Undrafted free agents Phil Bates, Lavasier Tuinei or Jermaine Kearse?
Journeyman Charly Martin?
For today, my best guess is second-year man Ricardo Lockette.
Lockette went undrafted in 2011 and came to the 'Hawks as a free agent. After starting the season on the practice squad, he grabbed a roster spot with the 'Hawks towards the end of last season and made a pair of nifty catches in the season's final two games, including one for a touchdown against the Cardinals.
He's the kind of guy who has so much raw speed that it's hard to ignore. At the same time, he still looks like a work in progress and someone capable of getting separation in coverage only to have the pass bounce off his hands.
Making matters even more difficult for him is the fact that he, along with several other key receivers, missed playing on Saturday night against Tennessee, missing a possible chance to distinguish himself.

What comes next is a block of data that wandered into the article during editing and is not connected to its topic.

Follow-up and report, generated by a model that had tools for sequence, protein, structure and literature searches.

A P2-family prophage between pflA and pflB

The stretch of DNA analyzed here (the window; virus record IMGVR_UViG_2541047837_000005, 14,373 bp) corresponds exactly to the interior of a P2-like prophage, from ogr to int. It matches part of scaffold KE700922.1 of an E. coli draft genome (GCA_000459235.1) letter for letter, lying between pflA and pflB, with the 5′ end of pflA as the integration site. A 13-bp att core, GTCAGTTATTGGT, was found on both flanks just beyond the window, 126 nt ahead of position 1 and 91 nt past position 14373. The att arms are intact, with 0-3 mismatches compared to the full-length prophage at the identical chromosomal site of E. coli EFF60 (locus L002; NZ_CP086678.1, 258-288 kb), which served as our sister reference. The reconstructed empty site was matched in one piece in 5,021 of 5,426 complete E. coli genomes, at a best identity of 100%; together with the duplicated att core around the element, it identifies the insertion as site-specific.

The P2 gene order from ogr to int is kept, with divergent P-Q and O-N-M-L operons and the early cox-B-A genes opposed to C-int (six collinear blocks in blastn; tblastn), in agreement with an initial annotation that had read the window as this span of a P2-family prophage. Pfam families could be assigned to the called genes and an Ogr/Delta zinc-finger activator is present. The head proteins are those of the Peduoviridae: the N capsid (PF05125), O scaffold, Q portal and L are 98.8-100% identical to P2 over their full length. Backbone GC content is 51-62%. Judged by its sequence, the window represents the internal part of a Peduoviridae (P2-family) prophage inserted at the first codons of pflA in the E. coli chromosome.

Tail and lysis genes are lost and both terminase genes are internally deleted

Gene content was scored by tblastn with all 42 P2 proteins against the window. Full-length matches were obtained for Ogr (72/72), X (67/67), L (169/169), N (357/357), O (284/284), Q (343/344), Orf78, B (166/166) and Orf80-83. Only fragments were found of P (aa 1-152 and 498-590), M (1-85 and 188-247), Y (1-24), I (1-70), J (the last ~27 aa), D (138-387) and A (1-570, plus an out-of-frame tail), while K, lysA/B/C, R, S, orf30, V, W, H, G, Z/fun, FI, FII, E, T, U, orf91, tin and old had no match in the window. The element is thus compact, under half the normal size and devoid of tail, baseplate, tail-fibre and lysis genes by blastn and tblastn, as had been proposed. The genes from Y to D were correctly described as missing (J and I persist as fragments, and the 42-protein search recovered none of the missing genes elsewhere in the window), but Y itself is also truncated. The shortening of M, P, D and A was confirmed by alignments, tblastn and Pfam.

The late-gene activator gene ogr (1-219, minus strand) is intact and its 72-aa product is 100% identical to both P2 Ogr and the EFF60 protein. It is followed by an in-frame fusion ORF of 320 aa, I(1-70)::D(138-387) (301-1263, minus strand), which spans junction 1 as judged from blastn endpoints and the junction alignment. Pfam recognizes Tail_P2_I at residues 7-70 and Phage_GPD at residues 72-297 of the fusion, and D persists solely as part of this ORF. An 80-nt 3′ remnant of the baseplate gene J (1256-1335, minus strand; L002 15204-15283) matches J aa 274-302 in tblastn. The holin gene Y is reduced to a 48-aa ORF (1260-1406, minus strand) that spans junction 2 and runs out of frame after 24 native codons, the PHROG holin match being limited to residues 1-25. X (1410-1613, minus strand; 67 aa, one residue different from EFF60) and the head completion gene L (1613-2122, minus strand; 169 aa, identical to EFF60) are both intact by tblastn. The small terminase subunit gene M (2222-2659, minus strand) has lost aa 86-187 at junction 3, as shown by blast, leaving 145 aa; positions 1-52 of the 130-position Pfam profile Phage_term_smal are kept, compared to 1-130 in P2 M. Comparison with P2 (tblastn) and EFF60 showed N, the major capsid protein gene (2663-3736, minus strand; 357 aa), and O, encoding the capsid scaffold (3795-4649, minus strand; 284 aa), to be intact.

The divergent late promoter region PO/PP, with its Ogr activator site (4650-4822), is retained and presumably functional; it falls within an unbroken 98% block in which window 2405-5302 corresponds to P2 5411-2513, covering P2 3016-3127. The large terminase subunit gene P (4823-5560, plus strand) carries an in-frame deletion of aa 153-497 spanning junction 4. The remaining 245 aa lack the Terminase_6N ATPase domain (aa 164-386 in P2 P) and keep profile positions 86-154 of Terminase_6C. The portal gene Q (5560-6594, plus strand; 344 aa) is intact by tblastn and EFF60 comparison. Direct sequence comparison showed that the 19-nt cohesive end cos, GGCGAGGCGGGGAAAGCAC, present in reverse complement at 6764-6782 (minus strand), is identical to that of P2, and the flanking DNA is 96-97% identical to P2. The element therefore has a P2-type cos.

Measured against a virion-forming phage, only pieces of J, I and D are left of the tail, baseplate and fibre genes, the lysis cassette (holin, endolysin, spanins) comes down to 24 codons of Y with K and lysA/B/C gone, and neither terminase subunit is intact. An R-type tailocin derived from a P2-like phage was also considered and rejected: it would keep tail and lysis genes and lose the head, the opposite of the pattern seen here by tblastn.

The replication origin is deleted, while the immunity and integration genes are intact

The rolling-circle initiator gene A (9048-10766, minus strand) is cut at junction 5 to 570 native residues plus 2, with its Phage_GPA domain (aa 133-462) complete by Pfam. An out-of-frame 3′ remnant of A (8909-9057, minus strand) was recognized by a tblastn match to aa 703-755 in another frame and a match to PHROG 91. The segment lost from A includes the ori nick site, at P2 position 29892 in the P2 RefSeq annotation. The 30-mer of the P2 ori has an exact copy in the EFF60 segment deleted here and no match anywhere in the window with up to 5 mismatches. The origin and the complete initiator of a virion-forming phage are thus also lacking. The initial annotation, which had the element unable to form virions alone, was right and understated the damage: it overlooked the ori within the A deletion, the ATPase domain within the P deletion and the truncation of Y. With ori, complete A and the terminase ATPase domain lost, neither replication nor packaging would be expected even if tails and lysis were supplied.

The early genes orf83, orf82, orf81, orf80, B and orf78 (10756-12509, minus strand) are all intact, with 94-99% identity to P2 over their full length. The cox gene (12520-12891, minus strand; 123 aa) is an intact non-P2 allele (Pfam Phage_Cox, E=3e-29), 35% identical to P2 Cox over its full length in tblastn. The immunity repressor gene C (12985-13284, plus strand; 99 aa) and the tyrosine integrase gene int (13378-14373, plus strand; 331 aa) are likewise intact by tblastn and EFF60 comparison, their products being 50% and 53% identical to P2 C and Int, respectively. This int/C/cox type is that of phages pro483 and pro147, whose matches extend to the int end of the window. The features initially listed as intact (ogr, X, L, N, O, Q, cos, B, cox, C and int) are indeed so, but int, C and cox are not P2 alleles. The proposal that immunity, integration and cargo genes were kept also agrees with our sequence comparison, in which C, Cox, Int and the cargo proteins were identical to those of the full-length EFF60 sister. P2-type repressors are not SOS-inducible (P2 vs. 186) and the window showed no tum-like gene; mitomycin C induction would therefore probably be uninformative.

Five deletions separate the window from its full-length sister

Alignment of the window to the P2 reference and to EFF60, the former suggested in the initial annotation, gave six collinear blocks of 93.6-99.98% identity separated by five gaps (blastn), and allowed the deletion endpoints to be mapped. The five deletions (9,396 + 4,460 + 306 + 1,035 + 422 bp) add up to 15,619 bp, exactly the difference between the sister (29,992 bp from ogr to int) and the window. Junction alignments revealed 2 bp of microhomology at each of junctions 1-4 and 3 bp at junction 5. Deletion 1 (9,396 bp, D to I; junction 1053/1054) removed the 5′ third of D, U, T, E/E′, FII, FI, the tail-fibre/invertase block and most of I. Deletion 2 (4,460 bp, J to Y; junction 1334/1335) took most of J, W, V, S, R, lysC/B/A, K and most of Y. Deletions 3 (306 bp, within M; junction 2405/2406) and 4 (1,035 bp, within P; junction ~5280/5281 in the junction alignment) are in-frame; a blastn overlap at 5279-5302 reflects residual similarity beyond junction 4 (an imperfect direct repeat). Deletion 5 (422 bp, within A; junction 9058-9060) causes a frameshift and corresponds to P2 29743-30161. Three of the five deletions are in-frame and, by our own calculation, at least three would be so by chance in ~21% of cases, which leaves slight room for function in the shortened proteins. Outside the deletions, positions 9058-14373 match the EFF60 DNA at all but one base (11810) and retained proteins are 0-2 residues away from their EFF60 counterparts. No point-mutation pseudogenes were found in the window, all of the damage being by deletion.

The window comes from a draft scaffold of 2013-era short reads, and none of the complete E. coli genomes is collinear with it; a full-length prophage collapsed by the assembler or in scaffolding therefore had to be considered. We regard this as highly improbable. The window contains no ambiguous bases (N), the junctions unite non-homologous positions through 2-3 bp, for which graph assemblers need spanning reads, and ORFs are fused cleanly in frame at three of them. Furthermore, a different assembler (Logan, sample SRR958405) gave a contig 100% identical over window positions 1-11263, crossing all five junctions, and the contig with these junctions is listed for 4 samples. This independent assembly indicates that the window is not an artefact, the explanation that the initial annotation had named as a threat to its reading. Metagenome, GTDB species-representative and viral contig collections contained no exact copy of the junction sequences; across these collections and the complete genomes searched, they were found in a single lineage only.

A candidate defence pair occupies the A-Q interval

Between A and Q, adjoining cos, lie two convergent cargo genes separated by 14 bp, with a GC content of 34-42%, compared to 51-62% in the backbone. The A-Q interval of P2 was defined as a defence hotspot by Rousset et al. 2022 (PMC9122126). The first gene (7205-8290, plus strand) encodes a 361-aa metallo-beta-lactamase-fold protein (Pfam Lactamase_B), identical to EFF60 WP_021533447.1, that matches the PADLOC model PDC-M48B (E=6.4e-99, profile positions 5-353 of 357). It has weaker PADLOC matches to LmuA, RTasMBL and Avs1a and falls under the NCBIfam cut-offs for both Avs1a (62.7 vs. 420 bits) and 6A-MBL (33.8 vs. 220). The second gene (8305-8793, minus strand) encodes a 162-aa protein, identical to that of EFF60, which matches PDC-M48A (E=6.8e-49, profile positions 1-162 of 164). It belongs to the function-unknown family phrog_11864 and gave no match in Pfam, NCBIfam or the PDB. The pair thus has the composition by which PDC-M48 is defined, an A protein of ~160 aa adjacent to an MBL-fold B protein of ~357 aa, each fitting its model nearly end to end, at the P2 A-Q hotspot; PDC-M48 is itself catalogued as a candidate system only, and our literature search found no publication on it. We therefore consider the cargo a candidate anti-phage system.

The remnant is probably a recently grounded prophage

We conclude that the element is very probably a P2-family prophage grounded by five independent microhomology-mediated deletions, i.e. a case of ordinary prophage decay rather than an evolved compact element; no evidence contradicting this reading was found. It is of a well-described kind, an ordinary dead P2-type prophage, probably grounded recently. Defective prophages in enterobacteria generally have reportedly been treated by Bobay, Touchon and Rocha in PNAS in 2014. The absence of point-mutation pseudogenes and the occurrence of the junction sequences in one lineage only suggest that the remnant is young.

Here's hoping he can get involved in a game or two during the preseason before too much time passes.
Terrell Owens: Reclamation Project?
And last but not least, Terrell Owens.
Can Pete Carroll make him his latest reclamation project?
A lot of fans believe he can, but even if he becomes a model citizen at 38, is he still capable of earning a roster spot and a meaningful role?
Owens brings experience and a wealth of knowledge from what should amount to a Hall of Fame career. If that can rub off on the youngsters in some positive way, perhaps there is some value in his addition to the team.
Beyond that, I suppose everything is gravy if he can actually catch a few passes and score a touchdown or two along the way.
Overall, though, a lot of what is outlined here are "if"s and "but"s glued together by the power of positive thinking. However, since it's the preseason, hearsay and conjecture are often allowed to serve as evidence in making such cases.
To be blunt, I can't wait until the regular season starts—a time when there are no more excuses or qualifiers. A time when the first unit is the only unit, when the refs are hopefully real and when the majority of the rust has been shaken off.
Until then, I suppose it's best just to enjoy the ride and wait for Pete Carroll to sort out all of the details.